A private hospital in India’s Uttar Pradesh has been accused of giving malta juice instead of plasma to a dengue patient. The patient, identified as Pradeep Kumar, died while undergoing treatment at a private hospital in Prayagraj district, formerly known as Allahabad.

Deceased Pradeep Kumar’s family claims that he died due to malta juice drip instead of plasma. A video has surfaced on social media, where a person is seen saying that the packet of blood contains malta juice.

After this serious allegation surfaced, the chief health officer of Prayagraj district sealed the hospital. Patients undergoing treatment there have been shifted elsewhere. Uttar Pradesh Deputy Chief Minister Brajesh Pathak has ordered an inquiry into the incident.

In a tweet, Brajesh Pathak said, ‘I have ordered the closure of Jhalwar Global Hospital in Prayagraj district after a video of them giving malta juice instead of plasma to treat dengue patients went viral. The plasma packet has been sent for testing. Strict action will be taken against the hospital if found guilty.’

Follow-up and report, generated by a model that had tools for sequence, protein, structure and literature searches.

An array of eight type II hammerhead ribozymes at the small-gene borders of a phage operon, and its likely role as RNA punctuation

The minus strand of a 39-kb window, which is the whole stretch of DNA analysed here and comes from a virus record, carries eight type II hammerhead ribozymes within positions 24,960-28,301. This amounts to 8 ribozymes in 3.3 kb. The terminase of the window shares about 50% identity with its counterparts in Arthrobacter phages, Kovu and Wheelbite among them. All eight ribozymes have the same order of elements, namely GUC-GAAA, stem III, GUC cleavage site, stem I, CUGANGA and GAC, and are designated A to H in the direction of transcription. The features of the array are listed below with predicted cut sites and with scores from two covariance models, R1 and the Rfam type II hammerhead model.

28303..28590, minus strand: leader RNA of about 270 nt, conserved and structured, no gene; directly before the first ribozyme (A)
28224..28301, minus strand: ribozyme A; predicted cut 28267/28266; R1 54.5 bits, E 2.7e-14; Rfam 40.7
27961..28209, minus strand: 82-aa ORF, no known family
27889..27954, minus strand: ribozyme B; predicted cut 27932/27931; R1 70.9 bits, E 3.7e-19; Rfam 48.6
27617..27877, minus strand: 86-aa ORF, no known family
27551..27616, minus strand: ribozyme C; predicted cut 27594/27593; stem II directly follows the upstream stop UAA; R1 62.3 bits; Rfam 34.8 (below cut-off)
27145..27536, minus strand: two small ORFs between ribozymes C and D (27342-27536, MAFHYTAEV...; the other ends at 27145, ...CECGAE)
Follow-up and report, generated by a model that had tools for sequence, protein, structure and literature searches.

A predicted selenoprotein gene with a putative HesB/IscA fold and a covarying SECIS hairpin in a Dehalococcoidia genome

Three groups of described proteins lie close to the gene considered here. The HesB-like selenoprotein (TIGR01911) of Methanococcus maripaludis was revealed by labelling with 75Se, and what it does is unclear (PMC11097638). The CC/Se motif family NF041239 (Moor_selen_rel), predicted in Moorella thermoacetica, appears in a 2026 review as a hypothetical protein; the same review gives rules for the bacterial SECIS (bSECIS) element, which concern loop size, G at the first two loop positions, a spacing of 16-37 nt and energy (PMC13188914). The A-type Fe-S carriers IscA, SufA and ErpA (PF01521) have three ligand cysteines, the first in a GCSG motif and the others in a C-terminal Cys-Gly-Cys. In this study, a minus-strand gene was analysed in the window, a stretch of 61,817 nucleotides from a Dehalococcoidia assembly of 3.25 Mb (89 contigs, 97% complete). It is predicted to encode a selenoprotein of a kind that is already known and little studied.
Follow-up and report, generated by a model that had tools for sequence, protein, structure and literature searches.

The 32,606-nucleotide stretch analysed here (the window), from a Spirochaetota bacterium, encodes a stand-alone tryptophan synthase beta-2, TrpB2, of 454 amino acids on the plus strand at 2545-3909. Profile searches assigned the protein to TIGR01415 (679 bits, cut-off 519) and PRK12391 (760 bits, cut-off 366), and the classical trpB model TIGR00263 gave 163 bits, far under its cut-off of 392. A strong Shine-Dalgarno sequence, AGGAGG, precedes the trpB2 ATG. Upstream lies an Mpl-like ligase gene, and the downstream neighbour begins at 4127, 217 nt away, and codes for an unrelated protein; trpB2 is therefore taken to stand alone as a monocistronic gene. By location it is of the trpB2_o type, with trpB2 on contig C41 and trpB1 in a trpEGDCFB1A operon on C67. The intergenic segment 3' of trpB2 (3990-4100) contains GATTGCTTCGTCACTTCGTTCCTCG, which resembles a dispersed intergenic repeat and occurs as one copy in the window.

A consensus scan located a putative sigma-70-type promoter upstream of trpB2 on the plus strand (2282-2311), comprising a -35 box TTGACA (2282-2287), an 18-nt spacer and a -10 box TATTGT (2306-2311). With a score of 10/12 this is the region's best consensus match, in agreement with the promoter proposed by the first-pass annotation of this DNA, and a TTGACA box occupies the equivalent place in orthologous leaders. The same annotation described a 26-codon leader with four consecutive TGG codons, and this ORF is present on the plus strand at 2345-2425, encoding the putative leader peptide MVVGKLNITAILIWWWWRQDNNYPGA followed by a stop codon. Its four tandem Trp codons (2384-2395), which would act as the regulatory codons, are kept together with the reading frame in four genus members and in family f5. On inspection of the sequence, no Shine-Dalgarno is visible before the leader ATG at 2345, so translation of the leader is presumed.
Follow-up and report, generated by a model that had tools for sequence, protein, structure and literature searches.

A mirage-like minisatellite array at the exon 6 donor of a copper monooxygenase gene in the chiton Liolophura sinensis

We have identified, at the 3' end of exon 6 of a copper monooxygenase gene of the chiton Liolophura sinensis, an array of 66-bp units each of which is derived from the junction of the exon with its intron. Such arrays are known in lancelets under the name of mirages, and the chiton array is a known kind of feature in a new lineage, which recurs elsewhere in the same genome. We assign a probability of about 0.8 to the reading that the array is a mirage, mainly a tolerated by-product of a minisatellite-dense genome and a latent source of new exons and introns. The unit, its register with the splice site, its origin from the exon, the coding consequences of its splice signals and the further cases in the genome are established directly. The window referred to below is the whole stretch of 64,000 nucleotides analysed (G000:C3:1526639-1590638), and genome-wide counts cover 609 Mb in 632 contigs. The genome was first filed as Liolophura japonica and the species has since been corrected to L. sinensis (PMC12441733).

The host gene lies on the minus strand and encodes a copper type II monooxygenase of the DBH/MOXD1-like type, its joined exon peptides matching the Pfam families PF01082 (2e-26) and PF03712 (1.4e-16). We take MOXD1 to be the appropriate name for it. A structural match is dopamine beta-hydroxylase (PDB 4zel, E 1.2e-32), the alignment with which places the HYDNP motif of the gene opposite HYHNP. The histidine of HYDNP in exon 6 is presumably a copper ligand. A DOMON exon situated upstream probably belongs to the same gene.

Brajesh Pathak also told news agency ANI that a team headed by the Chief Health Officer has been formed and sent to the spot. They are supposed to report within a few hours.’

Deceased Pradeep Kumar was admitted to Global Hospital on October 17. He was being treated for dengue. But he died two days later. The relatives of the deceased claim that the color of plasma and malta juice is almost the same. Both are light yellow in color. Investigators are now looking into whether the plasma packets actually contained malta juice. If so, how did such a big mistake happen?

Inspector General of Police Rakesh Singh told news agency ANI, ‘A few suspects have been arrested in connection with giving fake plasma to dengue patients. However, it is still unclear whether the packet actually contained malta juice instead of plasma. But a few days ago we found a fake blood bank.’

Hospital owner Sourav Mishra told news agency PTI, ‘The patient’s platelet count had dropped to around 17,000. We asked his relatives to bring platelets. They brought five packets of platelets from SRN hospital and gave them to us. But when the platelets are given through drip, the patient’s body reacts. We immediately stopped the drip.’

“The platelets and where they were brought from, the investigation needs to be there,” he claimed. The SRN hospital sticker was affixed on that packet.’ However, SRN Hospital has not yet informed about the matter.

(22 October/AJ)